Person:
Holzmann, Robert

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Public Finance, Pension Strategy
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Last updated: February 1, 2023
Biography
Robert Holzmann is elected fellow of Austrian Academy of Sciences and as of September 2019 governor of the Austrian Central Bank. He held academic positions in Austria, Australia, Germany and Malaysia, senior economist positions at OECD and IMF, and senior management positions at the World Bank where he was leading the pension strategy work. He has published 37 books and some 200 articles on financial, fiscal and social policy issues. He has travelled to over 90 countries in the world.

Publication Search Results

Now showing 1 - 1 of 1
  • Publication
    Assessing Benefit Portability for International Migrant Workers: A Review of the France-Morocco Bilateral Social Security Agreement
    (World Bank, Washington, DC, 2016-05) Holzmann, Robert; Dale, Pamela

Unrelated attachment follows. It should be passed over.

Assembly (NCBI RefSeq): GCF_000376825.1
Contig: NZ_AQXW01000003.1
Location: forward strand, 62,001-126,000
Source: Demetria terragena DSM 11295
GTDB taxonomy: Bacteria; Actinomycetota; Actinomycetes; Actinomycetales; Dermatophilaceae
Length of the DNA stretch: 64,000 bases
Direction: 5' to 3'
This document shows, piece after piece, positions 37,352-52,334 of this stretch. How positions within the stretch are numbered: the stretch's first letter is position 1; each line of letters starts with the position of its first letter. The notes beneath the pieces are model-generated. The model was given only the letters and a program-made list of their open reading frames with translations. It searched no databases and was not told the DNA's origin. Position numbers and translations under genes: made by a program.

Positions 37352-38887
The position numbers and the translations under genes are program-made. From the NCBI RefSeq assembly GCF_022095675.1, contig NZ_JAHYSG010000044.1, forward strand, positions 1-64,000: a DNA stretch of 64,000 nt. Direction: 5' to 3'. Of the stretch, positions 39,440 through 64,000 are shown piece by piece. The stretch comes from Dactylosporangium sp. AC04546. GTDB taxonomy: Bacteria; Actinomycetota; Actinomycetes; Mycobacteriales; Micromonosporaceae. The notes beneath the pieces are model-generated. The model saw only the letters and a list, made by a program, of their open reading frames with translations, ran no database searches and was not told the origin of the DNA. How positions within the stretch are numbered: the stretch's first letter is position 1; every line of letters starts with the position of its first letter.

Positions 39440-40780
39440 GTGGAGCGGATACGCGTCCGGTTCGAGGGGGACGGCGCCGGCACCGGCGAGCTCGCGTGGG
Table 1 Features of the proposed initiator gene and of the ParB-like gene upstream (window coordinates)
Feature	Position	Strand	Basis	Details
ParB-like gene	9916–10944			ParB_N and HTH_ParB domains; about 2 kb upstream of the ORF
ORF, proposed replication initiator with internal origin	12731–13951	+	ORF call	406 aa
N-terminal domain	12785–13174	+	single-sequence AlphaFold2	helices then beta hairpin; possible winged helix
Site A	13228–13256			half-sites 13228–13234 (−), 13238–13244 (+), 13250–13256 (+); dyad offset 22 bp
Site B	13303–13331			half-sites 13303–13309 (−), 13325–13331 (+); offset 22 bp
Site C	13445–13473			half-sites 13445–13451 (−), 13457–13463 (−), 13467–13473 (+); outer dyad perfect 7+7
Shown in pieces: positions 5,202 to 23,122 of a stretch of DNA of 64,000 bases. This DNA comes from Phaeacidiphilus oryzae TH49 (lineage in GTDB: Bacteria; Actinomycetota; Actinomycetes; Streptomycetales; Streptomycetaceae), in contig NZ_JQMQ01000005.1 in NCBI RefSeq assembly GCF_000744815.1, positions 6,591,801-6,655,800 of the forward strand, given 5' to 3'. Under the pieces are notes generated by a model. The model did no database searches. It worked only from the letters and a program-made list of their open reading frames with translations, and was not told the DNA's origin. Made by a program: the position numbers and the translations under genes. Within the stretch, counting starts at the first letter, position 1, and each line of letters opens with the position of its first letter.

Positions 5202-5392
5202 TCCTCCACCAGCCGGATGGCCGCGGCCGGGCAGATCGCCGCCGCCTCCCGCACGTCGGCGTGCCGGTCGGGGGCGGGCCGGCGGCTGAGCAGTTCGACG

The portability of social benefits is gaining importance given the increasing share of individuals working at least part of their life outside their home country. Bilateral social security agreements (BSSAs) are considered a crucial approach to establishing portability, but the functionality and effectiveness of these agreements have not yet been investigated; thus, importance guidance for policy makers in migrant-sending and migrant-receiving countries is missing. To shed light on how BSSAs work in practice, this document is part of a series providing information and lessons from studies of portability in four diverse but comparable migration corridors: Austria-Turkey, Germany-Turkey, Belgium-Morocco, and France-Morocco. A summary policy paper draws broader conclusions and offers overarching policy recommendations. This report looks specifically into the working of the France-Morocco corridor. Findings suggest that the BSSA between France and Morocco is broadly working well, with only a few substantive issues in the area of pensions and the task of implementing access to health care for retired migrants under the new BSSA effective as of 2011. The pension issues cluster around access to survivor’s pensions in view of civil law differences of addressing divorces and repudiation and the non-exportability of minimum pension guarantees in line with European Union legislation and lacking reciprocity. Process issues around information provision in Morocco and automation of information exchange to speed up benefit processing are recognized.